How do you know when to listen to feedback and change your story?
This question really gets to the heart of it. Superficially, it is pretty easy to know if you agree with feedback telling you beef up a scene, hit a story point harder, punch up dialog, etc. But what about real, substantial change? What do you do when listening to feedback would fundamentally change the very story you originally set out to tell?
In terms of Abbot’s feedback on Supervillain, one of their readers wanted more comic book superhero action. He said this is what the audience expects and what the genre provides, and despite an action-oriented opening and climax, my script suffers from a lack of it. Superhero action is fun, it’s visual, it’s dramatic and external, and it fills seats and sells popcorn. He’s right. But here’s the thing: it is fundamentally inconsistent with my premise. In my story, the superhero desperately wants comic book action – it would solve all his problems. The superhero tries to get it, he makes pitiful ill-fated attempts to generate it, but there is no superhero comic book action. This is the source of the comedy. That’s my premise. So if you add comic book superhero action to my premise, you get… a different premise.
It would be like adding a time machine and car chases to Aftershocks; these would transform it into Back to the Future. Back to the Future is fun and Back to the Future is great and Back to the Future is better than Aftershocks, no question. But I didn’t want to write Back to the Future. I wanted to write Aftershocks.
So what do you do? I can hear all us artist types laughing, saying it is obvious that this reader and his feedback should be dismissed. “He doesn’t get it,” this argument says. But is it really that simple? The audience has definite expectations – and these expectations are not there because they are arbitrary, these expectations are there because they are filled with power and resonance, and have been for a long time. These story elements work, and work extremely successfully. Is it smart to play around in this territory without harnessing all the power you know is at your fingertips? And if you don’t take advantage of your territory, why are you in that territory anyway?
Does a story’s power and resonance come from the author, as if in a vacuum? Or does it come from the relationship between the story and the reader? And if a writer works in an area to which he knows the reader brings baggage, isn’t it wise to use that baggage to his own advantage? I thought this is what I was doing, playing with the reader’s expectations and having fun by subverting them. But Abbot’s reader disagreed, saying I was bringing a very specific audience to the story – and then doing precisely the thing that would most efficiently bore and disappoint it.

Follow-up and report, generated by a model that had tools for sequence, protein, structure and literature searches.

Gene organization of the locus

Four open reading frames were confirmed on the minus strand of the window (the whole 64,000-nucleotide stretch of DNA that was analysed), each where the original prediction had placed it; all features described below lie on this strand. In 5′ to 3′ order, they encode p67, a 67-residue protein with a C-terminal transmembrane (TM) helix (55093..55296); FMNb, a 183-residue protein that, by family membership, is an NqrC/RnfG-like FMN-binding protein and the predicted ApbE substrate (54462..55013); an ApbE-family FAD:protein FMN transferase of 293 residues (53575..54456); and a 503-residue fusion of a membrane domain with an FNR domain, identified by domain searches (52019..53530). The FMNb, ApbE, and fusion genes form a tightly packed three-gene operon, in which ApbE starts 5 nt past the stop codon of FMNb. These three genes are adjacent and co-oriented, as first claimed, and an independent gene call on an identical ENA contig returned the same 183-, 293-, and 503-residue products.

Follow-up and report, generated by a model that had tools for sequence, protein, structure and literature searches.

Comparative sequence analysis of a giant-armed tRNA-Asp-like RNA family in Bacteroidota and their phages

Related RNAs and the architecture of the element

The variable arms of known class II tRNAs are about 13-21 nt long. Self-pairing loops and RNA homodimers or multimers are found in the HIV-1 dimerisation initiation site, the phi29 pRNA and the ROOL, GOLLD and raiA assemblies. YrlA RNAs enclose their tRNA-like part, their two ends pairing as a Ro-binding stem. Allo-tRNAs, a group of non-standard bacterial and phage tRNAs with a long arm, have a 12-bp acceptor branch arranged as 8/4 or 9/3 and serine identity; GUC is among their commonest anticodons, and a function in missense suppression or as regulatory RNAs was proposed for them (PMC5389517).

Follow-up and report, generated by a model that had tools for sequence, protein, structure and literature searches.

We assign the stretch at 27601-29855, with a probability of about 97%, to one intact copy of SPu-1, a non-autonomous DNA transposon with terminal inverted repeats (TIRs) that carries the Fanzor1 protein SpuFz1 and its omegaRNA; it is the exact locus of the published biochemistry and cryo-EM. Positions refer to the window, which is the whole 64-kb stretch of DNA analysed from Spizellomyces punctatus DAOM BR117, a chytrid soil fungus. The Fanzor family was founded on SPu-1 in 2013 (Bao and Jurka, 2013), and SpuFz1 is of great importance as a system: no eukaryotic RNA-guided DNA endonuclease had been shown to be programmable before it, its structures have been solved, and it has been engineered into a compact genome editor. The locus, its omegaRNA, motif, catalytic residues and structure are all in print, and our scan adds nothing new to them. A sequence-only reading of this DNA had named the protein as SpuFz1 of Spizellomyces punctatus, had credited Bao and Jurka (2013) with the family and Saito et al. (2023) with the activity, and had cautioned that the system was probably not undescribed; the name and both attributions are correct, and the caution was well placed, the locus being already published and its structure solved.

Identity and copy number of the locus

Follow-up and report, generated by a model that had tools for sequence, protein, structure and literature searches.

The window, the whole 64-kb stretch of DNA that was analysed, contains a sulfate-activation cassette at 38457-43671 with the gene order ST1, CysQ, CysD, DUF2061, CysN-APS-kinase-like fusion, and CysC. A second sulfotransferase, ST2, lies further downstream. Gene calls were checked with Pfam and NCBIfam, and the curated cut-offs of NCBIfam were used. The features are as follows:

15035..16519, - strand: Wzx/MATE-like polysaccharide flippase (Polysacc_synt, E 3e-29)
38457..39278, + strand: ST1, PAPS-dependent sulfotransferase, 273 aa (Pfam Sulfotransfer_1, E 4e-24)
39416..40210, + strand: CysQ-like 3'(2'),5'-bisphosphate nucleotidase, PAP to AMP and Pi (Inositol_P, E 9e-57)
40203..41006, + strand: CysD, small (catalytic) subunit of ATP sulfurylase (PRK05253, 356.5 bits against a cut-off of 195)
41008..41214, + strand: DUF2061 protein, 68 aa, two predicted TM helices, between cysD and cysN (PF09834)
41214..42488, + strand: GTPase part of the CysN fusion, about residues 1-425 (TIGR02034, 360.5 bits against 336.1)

It’s all too easy to discount a reader’s feedback. It’s easy to take a rigid and defensive stance. It’s easy to take a reader’s feedback and logically dismiss it, item by item – convincing yourself in the process that your work is therefore perfect. But your job is not to logically convince anybody of anything – the idea is not to make the reader like your story, the idea is to make a story that the reader likes.
And for the arty types: isn’t the idea to explore and create? To let a character and a conflict take you where it takes you? A story shouldn’t be limited by anything, especially not the author’s self-censorship. But if you put up a brick wall to a reader’s suggestions, aren’t you the one telling the story where it is not allowed to go? If a story has to evolve and find itself, if its journey has to take it from point A to B to C and beyond to reach its true destination, are you really going to dismiss this whole evolution and keep it imprisoned at point A just because point B doesn’t sound perfect?
So do you write Back to the Future, or do you write Aftershocks?
I think I’m gonna have to go with Aftershocks this time.